On Our Shelves Now Because of how it is sold to us we cannot accept a return of this title.
Mark Gregory Pegg's history of the Middle Ages opens and closes with martyrdom, the first that of a young Roman mother in a North African amphitheater in 203 and the second a French girl burned to death beside the Seine in 1431. Both Vibia Perpetua and Jeanne la Pucelle died for their Christian beliefs, yet that for which they willingly sacrificed their lives connects and separates them. Both were divinely inspired, but one believed her deity shared the universe with other gods, and the other knew that her Creator ruled heaven and earth. Between them, across the centuries, lives were shaped by the ebb and flow of the divine and the human. Here is the story of people struggling in life and in death to understand themselves and their relationship to God. Beatrice's Last Smile interweaves vivid portraits of such individuals to offer a sweeping and immersive story. Some are of enduring renown -- Augustine, Muhammad, Charlemagne, Heloise --and others are obscure. An Egyptian youth fighting demons in the desert as the first monk; a Briton becomes a holy man after enslavement in Ireland; an emperor in Constantinople watches as rioters torch the city; a old Syrian monk advises the English on sex; the soul of a Merovingian noble flies through the night sky to heaven; an Irish warrior surfs the waves like a dolphin as he flees the Vikings; a crusader's boots squelch with blood on the streets of Jerusalem; a troubadour sings of love; a Muslim lord expresses admiration of the Templars; a pope proclaims that Christendom encompasses all time and space; a barefoot Franciscan friar visits the Great Khan of the Mongols; a Parisian rabbi argues for the holiness of the Talmud; and a poet laments being alive amid the horror of the Black Death. Together, they take readers from the vastness of the Roman Empire to small communities between the Mediterranean and the North Sea, from the nomads of the Asian steppes to the triumphant Church of Latin Christendom. Beatrice's Last Smile offers a pulsating history of the West: the passionate belief in the old gods that yields to a cosmos shaped by one; the transition from a penitential culture to a confessional one; the universal obsession with imitating Christ. The book is named for the moment in Dante Alighieri's Divine Comedy when his long-dead love, Beatrice, smiles one final time at Dante in paradise before turning away to look eternally upon the face of God. Mark Gregory Pegg's epic narrative captures a millennium within that fleeting smile, in ways that modern readers will find illuminating and haunting.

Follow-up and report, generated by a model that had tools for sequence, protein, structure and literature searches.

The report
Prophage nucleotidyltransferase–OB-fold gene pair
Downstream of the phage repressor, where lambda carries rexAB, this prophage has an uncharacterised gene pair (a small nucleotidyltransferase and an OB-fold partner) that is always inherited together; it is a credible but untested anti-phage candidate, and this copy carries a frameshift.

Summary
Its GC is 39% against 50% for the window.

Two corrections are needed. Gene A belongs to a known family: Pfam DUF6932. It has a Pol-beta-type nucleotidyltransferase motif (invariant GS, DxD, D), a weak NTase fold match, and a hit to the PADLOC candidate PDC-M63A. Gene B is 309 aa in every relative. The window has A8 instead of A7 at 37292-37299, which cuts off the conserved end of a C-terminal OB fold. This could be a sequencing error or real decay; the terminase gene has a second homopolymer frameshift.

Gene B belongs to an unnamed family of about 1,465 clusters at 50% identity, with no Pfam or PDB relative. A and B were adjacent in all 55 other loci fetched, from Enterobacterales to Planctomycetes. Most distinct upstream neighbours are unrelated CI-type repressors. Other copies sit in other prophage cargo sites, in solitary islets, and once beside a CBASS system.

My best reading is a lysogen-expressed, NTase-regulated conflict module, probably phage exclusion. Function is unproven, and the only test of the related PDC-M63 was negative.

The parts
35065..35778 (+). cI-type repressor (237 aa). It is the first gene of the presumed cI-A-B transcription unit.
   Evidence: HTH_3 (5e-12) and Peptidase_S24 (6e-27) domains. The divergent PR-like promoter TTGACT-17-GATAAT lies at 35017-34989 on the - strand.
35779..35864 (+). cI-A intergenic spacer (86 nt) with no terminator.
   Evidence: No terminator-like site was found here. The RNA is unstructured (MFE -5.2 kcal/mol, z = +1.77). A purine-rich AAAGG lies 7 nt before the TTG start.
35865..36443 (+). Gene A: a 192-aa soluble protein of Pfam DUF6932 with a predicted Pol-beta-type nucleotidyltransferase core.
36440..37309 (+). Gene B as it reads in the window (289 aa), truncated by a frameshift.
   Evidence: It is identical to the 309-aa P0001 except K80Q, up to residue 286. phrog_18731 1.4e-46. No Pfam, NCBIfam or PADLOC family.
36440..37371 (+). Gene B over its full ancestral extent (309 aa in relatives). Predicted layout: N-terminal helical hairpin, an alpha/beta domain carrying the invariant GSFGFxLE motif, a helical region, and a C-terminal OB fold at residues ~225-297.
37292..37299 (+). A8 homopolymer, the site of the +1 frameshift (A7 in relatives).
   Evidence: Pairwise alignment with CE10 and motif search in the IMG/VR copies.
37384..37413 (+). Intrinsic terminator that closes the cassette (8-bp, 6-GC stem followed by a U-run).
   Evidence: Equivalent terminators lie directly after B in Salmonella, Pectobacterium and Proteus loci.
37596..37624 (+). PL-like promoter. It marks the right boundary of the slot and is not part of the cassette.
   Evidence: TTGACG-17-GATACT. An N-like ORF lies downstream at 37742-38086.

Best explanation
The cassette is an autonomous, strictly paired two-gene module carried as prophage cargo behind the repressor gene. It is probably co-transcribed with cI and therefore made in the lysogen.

About the Author
Mark Gregory Pegg is Professor of History at Washington University in St. Louis. He is the author of A Most Holy War: The Albigensian Crusade and the Battle for Christendom and The Corruption of Angels: The Great Inquisition of 1245-1246.